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Cell cycle progression: computer simulation of uncoupled subcycles of DNA replication and cell growth

Journal of Theoretical Biology
Publication Date
DOI: 10.1006/jtbi.1995.0130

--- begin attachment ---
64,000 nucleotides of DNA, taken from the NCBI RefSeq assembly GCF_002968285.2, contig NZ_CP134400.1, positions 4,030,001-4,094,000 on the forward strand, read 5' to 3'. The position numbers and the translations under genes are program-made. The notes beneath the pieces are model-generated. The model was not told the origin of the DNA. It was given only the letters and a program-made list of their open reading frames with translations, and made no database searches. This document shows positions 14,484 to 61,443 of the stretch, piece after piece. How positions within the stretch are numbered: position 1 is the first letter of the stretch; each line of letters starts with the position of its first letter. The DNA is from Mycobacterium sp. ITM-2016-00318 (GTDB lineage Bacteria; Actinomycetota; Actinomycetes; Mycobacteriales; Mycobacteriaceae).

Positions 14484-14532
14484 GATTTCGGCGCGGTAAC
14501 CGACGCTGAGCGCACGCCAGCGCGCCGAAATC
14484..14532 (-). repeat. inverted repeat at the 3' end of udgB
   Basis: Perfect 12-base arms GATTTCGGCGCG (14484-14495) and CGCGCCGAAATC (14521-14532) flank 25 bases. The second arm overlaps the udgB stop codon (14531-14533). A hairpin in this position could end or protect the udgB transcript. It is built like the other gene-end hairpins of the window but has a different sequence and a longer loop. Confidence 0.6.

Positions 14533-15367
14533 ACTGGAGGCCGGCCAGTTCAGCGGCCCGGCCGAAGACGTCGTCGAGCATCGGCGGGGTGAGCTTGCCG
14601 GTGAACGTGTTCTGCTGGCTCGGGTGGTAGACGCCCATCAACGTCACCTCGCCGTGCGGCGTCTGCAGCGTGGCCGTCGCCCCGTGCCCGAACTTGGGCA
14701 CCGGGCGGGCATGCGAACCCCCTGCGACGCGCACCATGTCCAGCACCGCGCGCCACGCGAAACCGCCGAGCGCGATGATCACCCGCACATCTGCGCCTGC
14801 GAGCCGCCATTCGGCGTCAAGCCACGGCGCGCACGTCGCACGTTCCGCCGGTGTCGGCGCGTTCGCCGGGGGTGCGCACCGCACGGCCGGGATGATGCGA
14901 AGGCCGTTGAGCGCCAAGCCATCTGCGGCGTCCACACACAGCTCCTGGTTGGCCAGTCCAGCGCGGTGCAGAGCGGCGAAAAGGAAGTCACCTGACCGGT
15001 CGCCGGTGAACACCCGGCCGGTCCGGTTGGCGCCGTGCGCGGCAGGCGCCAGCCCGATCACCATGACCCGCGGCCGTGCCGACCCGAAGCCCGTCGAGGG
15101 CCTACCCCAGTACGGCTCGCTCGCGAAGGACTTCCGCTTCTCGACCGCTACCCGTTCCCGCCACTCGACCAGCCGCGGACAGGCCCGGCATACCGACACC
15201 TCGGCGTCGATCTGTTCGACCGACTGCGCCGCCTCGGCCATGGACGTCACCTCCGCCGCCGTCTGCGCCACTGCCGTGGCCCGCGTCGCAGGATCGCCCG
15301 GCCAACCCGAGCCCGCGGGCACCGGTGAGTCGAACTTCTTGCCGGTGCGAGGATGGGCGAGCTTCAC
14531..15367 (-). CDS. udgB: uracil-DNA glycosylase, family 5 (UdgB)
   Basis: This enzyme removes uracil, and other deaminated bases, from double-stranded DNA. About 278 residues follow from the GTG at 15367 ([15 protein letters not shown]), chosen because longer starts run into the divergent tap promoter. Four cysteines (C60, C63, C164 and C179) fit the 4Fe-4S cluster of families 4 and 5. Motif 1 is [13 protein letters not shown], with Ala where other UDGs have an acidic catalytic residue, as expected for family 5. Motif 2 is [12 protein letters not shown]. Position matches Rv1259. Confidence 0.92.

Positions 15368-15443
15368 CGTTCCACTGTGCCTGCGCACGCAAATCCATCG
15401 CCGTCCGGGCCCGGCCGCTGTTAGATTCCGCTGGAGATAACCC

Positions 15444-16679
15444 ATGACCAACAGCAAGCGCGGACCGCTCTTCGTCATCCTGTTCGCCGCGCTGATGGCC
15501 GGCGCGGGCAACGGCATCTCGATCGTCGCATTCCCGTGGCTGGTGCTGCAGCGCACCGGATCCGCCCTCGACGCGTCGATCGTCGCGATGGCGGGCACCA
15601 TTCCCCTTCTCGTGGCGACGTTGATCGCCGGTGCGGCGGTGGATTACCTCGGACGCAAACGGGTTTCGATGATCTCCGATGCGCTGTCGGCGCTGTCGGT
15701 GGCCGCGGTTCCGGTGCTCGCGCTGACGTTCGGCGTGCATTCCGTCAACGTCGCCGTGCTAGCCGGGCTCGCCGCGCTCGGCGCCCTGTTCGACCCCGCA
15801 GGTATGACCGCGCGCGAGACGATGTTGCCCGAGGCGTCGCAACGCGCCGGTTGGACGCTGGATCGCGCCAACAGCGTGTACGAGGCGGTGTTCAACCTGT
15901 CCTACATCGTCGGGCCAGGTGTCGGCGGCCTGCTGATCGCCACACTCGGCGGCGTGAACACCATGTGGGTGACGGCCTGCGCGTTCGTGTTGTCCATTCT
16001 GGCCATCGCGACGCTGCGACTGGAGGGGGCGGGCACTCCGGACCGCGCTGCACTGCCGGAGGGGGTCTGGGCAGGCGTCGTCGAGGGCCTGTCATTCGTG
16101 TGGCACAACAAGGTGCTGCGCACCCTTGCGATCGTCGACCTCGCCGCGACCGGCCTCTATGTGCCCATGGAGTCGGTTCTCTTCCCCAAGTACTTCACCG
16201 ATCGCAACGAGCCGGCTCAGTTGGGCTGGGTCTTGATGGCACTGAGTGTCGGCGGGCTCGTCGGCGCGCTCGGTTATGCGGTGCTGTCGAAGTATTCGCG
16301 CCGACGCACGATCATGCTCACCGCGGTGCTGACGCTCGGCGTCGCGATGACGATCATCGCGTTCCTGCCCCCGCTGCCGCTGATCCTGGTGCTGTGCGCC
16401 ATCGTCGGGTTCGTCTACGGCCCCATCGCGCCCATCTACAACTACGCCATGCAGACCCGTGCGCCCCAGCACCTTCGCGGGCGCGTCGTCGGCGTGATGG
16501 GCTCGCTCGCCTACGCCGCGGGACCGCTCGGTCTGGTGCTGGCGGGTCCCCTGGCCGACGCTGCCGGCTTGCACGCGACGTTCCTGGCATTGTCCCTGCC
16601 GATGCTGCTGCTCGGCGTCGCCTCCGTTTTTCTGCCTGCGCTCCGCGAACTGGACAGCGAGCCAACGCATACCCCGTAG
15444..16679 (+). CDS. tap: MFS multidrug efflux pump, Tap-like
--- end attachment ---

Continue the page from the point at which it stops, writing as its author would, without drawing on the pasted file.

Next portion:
Abstract A computer simulation is presented for cell proliferation in a structured cell cycle model. The simulation takes into account the idea that DNA replication and cell growth are two loosely coupled subcycles. The simulation experiments performed offer an explanation for the close correlation often found in interdivision times of sister cell pairs and demonstrate that the exponential slope of the so-called β-curve is linked to an exponential increase in cell mass. However, in synchronization experiments, a linear increase in mean mass of a cell population develops over time. A channel is opened for a genetic and growth rate influence extending from grandparent to granddaughter. Positive and negative time correlations close to zero still occurred for mother-daughter cell cycles. The computer program leaves two sites in the cell cycle available for gene, molecular and size checkpoints, one in G 1and one in G 2. The simulation experiments bridge the gap between models considering (i) size control, (ii) transition probability, and (iii) inherited properties as interpretations of cell cycle progression and are applicable to embryonic cells with the potential to differentiate, somatic cells, and to the kinetics of activation of serum-starved cells. A G 0state is also defined.

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